Rowan coach shares philosophy with world

Rowan coach shares philosophy with world

By DON BENEVENTO, Courier-Post Staff

What began as a routine holiday trip for the Rowan University swimming team last Christmas season led to an extraordinary opportunity for veteran Profs coach Tony Lisa.

While running his team through a training session in the International Swimming Hall of Fame pool in Fort Lauderdale, Fla., Lisa was approached by that organization' s executive director, internationally renown swimming coach Sam Freas.

Freas had a simple question for Lisa - one Lisa never expected to hear.

''I thought he was going to take up an issue about personnel,'' Lisa said. ''I didn't think it was going to be any big deal.''

But it was. Freas wanted to know whether Lisa would be interested in becoming the assistant swimming coach for the World All-Stars at this summer's Goodwill Games.

''I said OK, thinking he was talking about doing it in 2002,'' Lisa said. ''I didn't think much of it because I thought a lot could happen between now and then.''

But Lisa soon realized he had misunderstood. Freas was talking, not about some meet in the distant future, but one that will take place from Aug. 29 through Sept. 3 in Brisbane, Australia.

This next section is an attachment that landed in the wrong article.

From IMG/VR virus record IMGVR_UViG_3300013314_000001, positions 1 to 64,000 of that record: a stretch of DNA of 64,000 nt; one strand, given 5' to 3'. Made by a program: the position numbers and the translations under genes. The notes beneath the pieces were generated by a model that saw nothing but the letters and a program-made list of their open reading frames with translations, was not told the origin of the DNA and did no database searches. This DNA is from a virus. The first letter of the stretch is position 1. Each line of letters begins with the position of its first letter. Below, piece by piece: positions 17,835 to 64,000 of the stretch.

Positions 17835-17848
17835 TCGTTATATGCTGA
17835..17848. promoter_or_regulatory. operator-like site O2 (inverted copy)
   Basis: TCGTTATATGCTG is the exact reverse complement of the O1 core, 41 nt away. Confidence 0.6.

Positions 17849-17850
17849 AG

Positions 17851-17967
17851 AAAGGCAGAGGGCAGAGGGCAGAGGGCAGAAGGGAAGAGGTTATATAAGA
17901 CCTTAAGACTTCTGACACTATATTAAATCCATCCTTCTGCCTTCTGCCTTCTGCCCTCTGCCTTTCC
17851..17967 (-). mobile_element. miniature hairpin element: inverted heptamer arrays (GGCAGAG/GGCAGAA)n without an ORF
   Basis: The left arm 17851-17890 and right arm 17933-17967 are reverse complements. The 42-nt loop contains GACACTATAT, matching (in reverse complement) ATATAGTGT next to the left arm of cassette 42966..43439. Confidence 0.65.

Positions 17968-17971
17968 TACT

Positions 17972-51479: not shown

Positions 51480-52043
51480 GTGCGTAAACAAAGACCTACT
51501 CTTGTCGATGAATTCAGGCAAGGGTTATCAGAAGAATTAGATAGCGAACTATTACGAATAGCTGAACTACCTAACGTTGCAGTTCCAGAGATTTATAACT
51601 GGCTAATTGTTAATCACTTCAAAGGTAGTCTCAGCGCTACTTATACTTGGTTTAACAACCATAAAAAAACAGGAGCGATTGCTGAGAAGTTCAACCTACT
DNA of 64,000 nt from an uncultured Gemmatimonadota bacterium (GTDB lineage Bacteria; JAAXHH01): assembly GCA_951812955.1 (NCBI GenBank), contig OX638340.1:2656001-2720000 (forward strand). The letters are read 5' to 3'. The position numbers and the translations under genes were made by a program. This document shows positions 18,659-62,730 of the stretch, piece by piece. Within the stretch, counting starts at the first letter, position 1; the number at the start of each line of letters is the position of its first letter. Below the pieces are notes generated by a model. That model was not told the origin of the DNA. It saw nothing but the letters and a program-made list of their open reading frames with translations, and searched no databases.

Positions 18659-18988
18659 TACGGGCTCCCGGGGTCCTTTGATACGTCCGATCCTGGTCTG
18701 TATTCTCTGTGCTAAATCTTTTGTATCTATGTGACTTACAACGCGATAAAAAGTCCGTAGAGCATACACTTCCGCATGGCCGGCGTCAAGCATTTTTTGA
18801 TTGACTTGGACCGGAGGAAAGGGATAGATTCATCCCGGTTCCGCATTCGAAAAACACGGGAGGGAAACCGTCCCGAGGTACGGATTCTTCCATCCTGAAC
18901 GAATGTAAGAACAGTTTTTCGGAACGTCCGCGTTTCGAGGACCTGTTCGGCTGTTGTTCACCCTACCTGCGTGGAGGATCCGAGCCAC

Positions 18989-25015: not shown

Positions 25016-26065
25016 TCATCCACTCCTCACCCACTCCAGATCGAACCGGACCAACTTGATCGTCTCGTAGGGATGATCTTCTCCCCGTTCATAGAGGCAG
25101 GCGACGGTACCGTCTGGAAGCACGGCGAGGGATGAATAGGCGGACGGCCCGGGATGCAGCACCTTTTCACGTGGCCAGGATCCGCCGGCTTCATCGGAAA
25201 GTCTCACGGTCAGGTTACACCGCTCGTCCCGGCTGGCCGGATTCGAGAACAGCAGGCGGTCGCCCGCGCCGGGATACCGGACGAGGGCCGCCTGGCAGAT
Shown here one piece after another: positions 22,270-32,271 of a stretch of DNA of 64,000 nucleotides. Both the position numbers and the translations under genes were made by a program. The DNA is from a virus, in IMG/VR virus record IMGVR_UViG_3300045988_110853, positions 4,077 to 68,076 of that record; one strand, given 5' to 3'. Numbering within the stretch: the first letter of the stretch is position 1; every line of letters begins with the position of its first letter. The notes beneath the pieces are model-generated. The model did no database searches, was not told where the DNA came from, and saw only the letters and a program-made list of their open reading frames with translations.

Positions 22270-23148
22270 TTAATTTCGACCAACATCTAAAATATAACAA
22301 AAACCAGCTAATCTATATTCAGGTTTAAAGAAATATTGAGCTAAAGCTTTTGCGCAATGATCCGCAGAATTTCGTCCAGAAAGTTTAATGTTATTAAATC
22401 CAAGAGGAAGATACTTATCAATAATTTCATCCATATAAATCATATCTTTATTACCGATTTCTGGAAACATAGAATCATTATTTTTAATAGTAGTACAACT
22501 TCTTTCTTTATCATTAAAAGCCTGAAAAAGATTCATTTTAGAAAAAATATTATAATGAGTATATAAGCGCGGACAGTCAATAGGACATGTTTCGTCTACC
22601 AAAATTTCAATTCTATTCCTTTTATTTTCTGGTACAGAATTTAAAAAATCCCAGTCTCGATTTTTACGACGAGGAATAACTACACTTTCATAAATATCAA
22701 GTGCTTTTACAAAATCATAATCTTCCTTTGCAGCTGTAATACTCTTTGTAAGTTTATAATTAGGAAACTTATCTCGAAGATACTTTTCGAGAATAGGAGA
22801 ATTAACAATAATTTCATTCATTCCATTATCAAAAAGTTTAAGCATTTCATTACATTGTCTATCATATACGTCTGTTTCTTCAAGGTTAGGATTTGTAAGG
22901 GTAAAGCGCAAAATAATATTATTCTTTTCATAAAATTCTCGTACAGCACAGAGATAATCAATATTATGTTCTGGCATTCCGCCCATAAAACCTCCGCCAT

''It took a little time for it to sink in that he was talking about this year,'' Lisa said. ''After that, I said, 'This is pretty cool.'''

This will be the first major international swimming coaching assignment for Lisa, who this season will begin his 25th year of coaching at Rowan, where he also is the assistant athletic director.

In a recent conversation he seemed somewhat overwhelmed by his selection for such an important post.

''You're talking to me, Tony Lisa - who am I?'' he said. ''This is something that could have gone to any of a number of great coaches. I'm humbled by the experience.''

Despite establishing quite a reputation of his own as a small college swimming coach, Lisa came to the sport without a swimming background.

While growing up in Pennsville, he was better known as a soccer player. In fact, he attended then-Glassboro State College as a soccer goalie.

After his 1975 graduation with a degree in health and physical education, he earned a master's degree in 1987. Lisa then had a brief stint as the athletics director at Schalick High School, before he was asked to return to Glassboro State as a gymnastics coach.

But he never got that opportunity.

''When I got there they told me, 'By the way, we want you to be the swimming coach instead,''' Lisa recalled. '' So I had to work hard at it to learn about swimming.''

Then came the big day.

''The first swimming meet I ever saw was the first meet I ever coached at Glassboro,'' Lisa said. ''And then I thought Glassboro swimming was the biggest thing that ever happened. I thought people in China were holding their breath, waiting for our results.''

If Lisa was a little thin on the mechanics of swimming, he had another factor going in his favor.